Posted: Wed Mar 15, 2017 12:41 pm
by Don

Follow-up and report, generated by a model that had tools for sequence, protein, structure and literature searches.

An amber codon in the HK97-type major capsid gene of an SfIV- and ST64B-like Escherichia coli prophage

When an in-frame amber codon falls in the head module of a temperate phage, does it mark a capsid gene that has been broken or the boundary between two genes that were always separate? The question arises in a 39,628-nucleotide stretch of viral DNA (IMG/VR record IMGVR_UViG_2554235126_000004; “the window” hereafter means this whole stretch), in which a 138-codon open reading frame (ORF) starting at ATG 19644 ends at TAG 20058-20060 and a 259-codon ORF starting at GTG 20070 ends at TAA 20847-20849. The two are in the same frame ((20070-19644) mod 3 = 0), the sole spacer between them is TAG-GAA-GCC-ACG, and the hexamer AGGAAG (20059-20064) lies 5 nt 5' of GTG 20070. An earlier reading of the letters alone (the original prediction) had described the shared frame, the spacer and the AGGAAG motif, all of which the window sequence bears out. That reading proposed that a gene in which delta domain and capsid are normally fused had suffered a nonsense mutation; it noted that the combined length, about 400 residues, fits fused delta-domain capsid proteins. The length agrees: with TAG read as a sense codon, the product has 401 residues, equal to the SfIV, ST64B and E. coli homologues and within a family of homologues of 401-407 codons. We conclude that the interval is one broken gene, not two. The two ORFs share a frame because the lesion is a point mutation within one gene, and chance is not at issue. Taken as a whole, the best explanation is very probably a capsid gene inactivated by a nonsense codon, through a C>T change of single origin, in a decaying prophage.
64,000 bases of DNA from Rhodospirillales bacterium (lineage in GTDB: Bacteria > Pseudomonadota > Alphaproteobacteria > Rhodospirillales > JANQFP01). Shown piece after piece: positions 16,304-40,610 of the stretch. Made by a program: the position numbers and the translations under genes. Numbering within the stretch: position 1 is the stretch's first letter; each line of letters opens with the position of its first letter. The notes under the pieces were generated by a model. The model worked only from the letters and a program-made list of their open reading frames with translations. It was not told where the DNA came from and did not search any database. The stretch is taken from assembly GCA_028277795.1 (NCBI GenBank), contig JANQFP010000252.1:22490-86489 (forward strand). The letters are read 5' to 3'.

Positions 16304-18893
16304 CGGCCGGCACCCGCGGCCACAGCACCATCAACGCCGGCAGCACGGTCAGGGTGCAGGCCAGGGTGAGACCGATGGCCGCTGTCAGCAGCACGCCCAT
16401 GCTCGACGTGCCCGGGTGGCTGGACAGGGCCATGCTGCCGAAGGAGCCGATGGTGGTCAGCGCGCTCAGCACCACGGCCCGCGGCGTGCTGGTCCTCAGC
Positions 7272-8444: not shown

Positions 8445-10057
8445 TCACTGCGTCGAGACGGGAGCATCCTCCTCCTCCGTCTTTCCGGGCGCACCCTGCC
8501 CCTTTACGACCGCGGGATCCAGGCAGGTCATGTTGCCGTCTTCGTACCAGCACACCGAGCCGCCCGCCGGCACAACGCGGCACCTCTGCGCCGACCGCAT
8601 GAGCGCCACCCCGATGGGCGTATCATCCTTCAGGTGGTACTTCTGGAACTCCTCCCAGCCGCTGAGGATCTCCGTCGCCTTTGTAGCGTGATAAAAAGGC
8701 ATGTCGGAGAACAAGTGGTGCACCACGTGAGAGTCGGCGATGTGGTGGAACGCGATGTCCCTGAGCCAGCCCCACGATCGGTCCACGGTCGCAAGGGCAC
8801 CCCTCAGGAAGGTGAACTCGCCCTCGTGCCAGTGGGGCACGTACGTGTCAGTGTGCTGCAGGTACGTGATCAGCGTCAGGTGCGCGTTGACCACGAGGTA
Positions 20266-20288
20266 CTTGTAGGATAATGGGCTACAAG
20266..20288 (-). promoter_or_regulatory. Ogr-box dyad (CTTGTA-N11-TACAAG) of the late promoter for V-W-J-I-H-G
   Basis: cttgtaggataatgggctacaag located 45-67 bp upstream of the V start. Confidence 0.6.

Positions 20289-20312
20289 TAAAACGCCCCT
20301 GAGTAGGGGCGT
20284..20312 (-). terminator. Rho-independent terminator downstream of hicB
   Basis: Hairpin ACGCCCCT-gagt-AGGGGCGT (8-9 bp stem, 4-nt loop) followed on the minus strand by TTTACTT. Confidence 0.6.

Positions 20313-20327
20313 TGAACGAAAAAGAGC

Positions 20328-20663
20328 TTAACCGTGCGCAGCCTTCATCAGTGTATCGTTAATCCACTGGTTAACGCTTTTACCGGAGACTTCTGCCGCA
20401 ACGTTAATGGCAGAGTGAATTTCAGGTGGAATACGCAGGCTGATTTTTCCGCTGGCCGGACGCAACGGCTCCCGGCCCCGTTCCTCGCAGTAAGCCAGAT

I guess I'd weigh in on the path of "unintended consequences", and point to the discussion here in the NTS BBS on redwoods and the damage around the base of say the top 20 trees...Mario Vaden has a pair of photos taken several years apart, and the damage to the area around the base is disheartening, and I'm sure that none of those who caused this damage thought about the cumulative consequences of tree hunters out to "bag" another 300 plus-er. I share Andrew's comment about valid reasons (research) for climbing these MOST superlative trees (for my part, with less than 4% of the pre-settlement old-growth remaining, they should be off-limits to recreational climbing. It's only been in the last couple of decades that we've known that there are heretofore unknown communities up there (yes, I know, it was climbers and 'bridgers' that have discovered them). They are very unique, very sensitive to disturbance, and take centuries, perhaps even millenia to develop. Just saying...